The city of Santa Fe has released the names of dozens of people who recently surrendered guns to police despite promises of anonymity. The Santa Fe New Mexican reports the city released this week to a city finance committee a list of people who got IOUs when they surrendered their guns at police headquarters after the city´s gun buyers ran out of pre-paid Visa gift cards. Among the names released were Brian Egolf, a Santa Fe lawyer and Democratic state legislator, who surrendered a Russian-made assault rifle and two handguns.
Comments: Hey, it´s just transparency in government, that´s all, move along, nothing to see here.
The only information the government will not misuse is that which they do not have. NEVER register your guns. Even if the current law says they cannot confiscate, the law can be changed at the drop of a hat. Your information will not disappear just because the law changed. Remember...The Constitution means nothing to these people. Only their own power matters.
FARMINGTON — Officials from the New Mexico Health Insurance Exchange have reached out to communities throughout the state to explain the exchange and new insurance plans, periodically holding seminars in San Juan County. But many of those seminars have been sparsely attended. A free health insurance exchange seminar and dinner scheduled last week in Bloomfield was cancelled due to a lack of response. "We advertised for three weeks before, put it on our reader board and hand-delivered invitations to various doctor´s offices and small businesses," said Bloomfield Chamber of Commerce President Janet Mackey. "We only had seven people RSVP, and since we
KOB Eyewitness News 4 has learned more about the driver who led New Mexico State Police on a wild chase, all while she had her five children in the vehicle. Oriana Farrell and her five kids were visiting from Tennessee on what police say she called an “educational trip of New Mexico.” They’ll be here for the forseeable future now, as Farrell fights the charges against her. Dashcam video shows 39-year-old Oriana Farrell and several of her five children in a screaming match with a state police officer, minutes after he pulled her over for a speeding ticket. The video
KTM factory motorcycle racer Kurt Caselli was killed last night as he was racing this year´s running of the Baja 1000. It´s not immediately clear what happened, but early reports are that he was killed when he hit some sort of man-made booby trap set by locals along the course. Caselli, 30, was near the end of the race when he hit the obstacle around 5 PM PST yesterday. He was transported to the hospital with major head injuries, according to Dirt Bike Magazine, but unfortunately succumbed to them during the night. Details are still emerging, but booby traps are
Here we go again. On Tuesday, Fox News reporter Jana Winter will be back in court, this time in Albany, continuing her fight to avoid jail and protect her confidential sources. On that day, the New York State Court of Appeals, the state’s highest court, will hear her plea to reverse a lower state court ruling which orders her to return to Aurora, Colorado to testify in the trial of James Holmes, the man charged with 166 felony charges, including 24 counts of first degree murder, in the movie theater massacre at a midnight showing of “Batman, The Dark Knight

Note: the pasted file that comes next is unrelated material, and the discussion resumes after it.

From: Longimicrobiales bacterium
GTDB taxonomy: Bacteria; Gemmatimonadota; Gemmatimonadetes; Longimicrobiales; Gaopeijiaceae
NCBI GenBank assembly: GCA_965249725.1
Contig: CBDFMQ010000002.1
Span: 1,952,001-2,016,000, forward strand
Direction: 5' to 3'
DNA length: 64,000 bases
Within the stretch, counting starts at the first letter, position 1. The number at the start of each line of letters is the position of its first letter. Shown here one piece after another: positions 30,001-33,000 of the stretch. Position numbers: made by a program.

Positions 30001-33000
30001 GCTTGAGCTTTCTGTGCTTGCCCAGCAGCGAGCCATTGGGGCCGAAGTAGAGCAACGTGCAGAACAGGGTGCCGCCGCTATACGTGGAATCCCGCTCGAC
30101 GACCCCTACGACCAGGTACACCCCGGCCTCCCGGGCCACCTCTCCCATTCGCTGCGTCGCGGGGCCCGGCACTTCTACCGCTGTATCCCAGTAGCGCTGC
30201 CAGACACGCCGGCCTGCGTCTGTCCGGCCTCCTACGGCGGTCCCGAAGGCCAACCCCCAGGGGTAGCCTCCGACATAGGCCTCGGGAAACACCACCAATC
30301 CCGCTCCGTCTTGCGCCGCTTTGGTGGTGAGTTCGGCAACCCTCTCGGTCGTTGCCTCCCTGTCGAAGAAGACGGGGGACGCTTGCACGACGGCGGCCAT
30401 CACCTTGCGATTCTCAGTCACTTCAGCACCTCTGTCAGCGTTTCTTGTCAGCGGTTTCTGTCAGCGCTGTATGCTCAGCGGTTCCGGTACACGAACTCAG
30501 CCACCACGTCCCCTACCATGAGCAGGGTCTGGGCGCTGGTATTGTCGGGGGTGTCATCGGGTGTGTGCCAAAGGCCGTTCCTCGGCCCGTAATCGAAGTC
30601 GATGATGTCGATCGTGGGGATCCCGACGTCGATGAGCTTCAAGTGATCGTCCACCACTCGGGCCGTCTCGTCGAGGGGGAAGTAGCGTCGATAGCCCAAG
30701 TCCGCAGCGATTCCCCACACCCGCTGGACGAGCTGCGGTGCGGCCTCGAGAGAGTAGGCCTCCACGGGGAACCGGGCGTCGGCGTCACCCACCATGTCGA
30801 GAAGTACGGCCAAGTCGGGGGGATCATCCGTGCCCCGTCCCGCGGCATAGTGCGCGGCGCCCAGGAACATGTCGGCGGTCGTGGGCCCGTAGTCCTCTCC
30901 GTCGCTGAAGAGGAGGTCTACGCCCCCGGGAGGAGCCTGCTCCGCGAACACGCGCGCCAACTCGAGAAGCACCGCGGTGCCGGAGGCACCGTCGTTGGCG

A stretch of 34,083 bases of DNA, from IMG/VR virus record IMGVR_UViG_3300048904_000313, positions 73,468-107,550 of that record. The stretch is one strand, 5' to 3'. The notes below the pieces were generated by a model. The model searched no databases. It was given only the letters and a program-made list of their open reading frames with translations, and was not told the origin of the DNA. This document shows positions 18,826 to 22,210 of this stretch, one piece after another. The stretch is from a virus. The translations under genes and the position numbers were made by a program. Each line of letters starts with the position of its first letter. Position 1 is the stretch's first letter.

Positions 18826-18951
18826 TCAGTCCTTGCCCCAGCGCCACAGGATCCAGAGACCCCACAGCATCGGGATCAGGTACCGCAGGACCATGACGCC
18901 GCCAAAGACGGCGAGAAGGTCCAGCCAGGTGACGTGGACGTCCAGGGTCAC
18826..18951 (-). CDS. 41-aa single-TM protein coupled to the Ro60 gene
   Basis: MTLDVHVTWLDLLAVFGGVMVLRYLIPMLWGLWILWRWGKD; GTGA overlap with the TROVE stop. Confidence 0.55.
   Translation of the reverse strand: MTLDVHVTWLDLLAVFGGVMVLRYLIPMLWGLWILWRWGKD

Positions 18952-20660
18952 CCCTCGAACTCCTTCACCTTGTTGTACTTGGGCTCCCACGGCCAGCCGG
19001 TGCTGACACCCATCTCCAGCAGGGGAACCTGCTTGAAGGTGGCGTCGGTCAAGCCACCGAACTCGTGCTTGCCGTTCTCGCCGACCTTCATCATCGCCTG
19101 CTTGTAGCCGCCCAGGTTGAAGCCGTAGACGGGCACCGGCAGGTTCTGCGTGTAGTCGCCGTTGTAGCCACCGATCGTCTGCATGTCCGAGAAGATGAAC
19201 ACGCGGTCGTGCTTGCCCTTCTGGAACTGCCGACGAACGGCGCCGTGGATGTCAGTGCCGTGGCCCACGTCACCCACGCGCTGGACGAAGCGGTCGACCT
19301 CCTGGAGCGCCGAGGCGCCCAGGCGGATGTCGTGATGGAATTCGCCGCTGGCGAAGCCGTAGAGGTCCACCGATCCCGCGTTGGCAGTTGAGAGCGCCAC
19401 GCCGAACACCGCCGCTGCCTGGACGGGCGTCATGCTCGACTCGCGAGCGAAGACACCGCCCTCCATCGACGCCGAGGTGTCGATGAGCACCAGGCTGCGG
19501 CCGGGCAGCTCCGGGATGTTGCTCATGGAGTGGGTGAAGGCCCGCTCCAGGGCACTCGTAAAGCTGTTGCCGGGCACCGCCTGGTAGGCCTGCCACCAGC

Republican Gov. Susana Martinez on Friday chose a member of her own party to succeed Stephen Easley, the late Democratic state representative. Martinez selected Vickie Perea of Belen for the House District 50 seat. Perea will serve out Easley´s term, which ends on Dec. 31, 2014. Easley, of El Dorado, died in August at age 60. Perea, 67, ran unsuccessfully for the state Senate in 2012. Democrat Clemente Sanchez defeated her in the general election.In appointing Perea, Martinez has narrowed the gap between Democrats and Republicans in the House of Representatives. Democrats will have a 37-33 advantage, compared to 38-32
If you ask Larry Beck, "arch-o-holism" is the only addiction to have.Beck, president of the Natural Arch and Bridge Society, member of Seniors Outdoors and admitted "arch-o-holic," has been actively hunting natural arches throughout the Southwest for more than 20 years. Beck, at age 62, shows no signs of slowing down. "People ask, ´Where do you live?´ and I tell them, ´I don´t know, I guess wherever I´m parked,´" Beck said. "Oftentimes I´ll drive down an old oil and gas road I´ve been down many times before and, suddenly, the sunlight will pop and sparkle through a tiny opening in
Lou Reed, a massively influential songwriter and guitarist who helped shape nearly fifty years of rock music, died today. The cause of his death has not yet been released, but Reed underwent a liver transplant in May. With the Velvet Underground in the late Sixties, Reed fused street-level urgency with elements of European avant-garde music, marrying beauty and noise, while bringing a whole new lyrical honesty to rock & roll poetry. As a restlessly inventive solo artist, from the Seventies into the 2010s, he was chameleonic, thorny and unpredictable, challenging his fans at every turn. Glam, punk and alternative rock